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Child Anxiety: This is When You Should Start to Worry

Child Anxiety: This is When You Should Start to Worry

It’s normal for kids to have bouts of fear—but when should you start to worry about your child’s anxiety?


Kids of all ages worry. Your baby cries when you leave the room. Your toddler may fear clowns. Separation anxiety may make your preschooler cry. Your elementary schooler may have a stomachache on the day of a spelling test. Middle schoolers may be nervous about making a presentation in front of their virtual or in-person class. Your high schooler may worry about getting a pimple.

Children have bouts of fears, worries, and anxiety at some point; these are totally normal feelings. “If you don’t have a range of emotions, that’s abnormal,” says Joel Friedman, Ph.D., clinical director at the Center for Family Guidance in Marlton, NJ. Normal childhood anxieties from new people, places, and experiences come and go throughout a child’s life. They need time to learn about, work with, and get comfortable with something new. “Kids are resilient,” says Sanam Hafeez, Psy.D., a New York City-based licensed clinical neuropsychologist, teaching faculty member at Columbia University’s Teachers College, and founder and clinical director of Comprehensive Consultation Psychological Services, P.C. “They’re able to shake off a lot of stuff.”

Some kids ask a lot of questions when they’re anxious. Others figure things out on their own, which can have negative consequences. “Children often ‘fill in the blanks’ with assumptions that can trigger anxious feelings,” says Connecticut-based psychotherapist Haley Neidich, LCSW.

RELATED: Helping Teens with Mental Health Struggles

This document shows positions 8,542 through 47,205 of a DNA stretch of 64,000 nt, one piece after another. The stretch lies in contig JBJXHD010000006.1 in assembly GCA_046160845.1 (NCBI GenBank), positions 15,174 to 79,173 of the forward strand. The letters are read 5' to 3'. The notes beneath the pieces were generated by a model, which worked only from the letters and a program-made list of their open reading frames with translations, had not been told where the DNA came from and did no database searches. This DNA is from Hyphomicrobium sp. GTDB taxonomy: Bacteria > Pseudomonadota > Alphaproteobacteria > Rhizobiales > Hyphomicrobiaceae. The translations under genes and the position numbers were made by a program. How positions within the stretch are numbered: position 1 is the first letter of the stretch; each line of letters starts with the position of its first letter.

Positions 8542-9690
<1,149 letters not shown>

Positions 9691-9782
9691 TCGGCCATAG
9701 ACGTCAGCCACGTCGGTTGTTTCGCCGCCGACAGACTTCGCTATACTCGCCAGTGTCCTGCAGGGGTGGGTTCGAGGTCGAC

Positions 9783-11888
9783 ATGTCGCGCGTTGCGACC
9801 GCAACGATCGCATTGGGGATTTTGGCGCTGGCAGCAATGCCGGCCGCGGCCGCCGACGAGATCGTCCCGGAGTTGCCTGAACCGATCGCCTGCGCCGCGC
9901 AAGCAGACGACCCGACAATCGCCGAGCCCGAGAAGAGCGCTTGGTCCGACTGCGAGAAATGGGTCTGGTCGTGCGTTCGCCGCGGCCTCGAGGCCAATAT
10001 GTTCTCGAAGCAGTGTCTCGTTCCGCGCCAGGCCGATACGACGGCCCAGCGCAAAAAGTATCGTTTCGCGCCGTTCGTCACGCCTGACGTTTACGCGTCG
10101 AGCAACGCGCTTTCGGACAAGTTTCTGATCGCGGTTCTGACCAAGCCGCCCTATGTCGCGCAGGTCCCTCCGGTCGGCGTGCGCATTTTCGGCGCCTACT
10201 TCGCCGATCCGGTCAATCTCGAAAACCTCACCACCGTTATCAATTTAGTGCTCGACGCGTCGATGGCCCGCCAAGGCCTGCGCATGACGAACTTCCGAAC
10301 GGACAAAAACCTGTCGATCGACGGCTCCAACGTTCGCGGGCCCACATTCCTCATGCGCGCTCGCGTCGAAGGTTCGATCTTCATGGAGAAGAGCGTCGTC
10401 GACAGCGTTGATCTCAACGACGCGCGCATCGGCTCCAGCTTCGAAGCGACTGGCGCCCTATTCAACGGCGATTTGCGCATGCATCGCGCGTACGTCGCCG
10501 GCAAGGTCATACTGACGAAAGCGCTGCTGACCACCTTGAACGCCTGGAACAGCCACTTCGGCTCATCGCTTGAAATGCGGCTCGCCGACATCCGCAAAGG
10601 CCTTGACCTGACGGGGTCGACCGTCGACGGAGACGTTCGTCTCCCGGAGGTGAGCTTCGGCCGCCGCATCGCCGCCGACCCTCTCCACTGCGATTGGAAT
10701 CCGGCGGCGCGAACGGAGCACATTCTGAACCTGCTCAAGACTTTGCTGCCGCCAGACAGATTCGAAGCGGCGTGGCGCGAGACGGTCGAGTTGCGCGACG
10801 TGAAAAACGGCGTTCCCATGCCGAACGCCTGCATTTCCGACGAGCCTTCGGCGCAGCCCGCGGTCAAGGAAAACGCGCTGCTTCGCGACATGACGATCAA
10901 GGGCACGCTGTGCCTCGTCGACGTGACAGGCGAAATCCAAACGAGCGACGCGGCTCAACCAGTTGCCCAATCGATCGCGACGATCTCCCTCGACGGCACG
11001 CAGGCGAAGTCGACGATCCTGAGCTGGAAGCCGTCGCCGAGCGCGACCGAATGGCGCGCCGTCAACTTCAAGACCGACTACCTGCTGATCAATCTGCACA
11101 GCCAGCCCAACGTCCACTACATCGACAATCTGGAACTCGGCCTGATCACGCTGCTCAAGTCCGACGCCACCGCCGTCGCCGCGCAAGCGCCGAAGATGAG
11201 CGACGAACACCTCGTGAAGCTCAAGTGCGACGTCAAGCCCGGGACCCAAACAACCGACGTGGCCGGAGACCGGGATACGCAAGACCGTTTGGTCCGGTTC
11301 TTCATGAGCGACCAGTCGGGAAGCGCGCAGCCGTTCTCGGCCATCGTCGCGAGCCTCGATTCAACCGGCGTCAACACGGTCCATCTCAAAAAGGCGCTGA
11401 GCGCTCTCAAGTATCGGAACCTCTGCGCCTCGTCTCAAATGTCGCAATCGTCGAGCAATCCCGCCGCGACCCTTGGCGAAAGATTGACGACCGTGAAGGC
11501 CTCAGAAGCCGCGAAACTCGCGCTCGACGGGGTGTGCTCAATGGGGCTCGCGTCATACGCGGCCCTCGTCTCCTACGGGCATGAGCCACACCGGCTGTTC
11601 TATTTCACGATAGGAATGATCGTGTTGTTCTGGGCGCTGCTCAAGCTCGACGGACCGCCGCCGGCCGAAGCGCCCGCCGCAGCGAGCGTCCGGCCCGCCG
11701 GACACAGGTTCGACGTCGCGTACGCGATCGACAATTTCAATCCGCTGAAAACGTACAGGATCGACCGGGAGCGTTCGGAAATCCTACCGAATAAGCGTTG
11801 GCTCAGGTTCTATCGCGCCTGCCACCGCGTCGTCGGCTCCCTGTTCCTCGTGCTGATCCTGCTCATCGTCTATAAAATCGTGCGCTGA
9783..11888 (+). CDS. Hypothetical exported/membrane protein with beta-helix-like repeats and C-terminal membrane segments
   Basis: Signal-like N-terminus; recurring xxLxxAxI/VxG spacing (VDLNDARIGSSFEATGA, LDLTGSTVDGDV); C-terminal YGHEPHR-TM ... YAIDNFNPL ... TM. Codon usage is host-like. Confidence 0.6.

Signs of Child Anxiety

It can be difficult for parents to admit when their child has a problem, Dr. Hafeez says. Usually, though, it will be so obvious that you can’t ignore it. “You have to pay close attention to the signs and know when it’s time to get help,” she says. “Most of us are reluctant to admit that there is a problem. But on some level, we know.”

Here are some signs of when to worry about child anxiety:

  • tendency to worry about what can go wrong in any scenario

  • avoidance of specific activities, situations, or people

  • persistent stress despite an adult’s reassurance

  • trouble sleeping at night, insisting on sleeping with parents, or waking up with bad dreams

  • fears or worries that interfere with normal daily activities and are difficult to control

  • changes in appetite

  • phobias and fears that they’ll likely never encounter

  • headaches, fatigue, rashes, stomachaches, or other physical symptoms that are unrelated to other medical conditions

  • unrealistic worries (concerned about getting pregnant without having sex)

  • anxiety is out of proportion and they lack the insight to realize their worries are exaggerated (worry about SATs while only in grade school)

  • overly self-conscious (they won’t order in a restaurant for fear of humiliation)

  • anxiety is uncontrollable (crying at schooling because think their parent will die when they’re apart)

  • difficulty concentrating

  • significant change in anxiety in a short period of time

  • changes in relationships such as choosing not to be around people

When to Worry About Child Anxiety

Fears and worries are a natural reaction to new or stressful situations. “You should worry when the anxiety becomes persistent, constraining, and/or begins to impact or interfere with the child’s daily functioning. Facing anxiety or worry is normal and expected throughout childhood. It’s how the child copes when confronted with anxiety that makes the difference,” says Francyne Zeltser, Psy.D., a licensed psychologist and certified school psychologist in the New York metropolitan area. “If your child is having trouble coping and the anxiety or worries seem overbearing, it’s time to intervene and help.”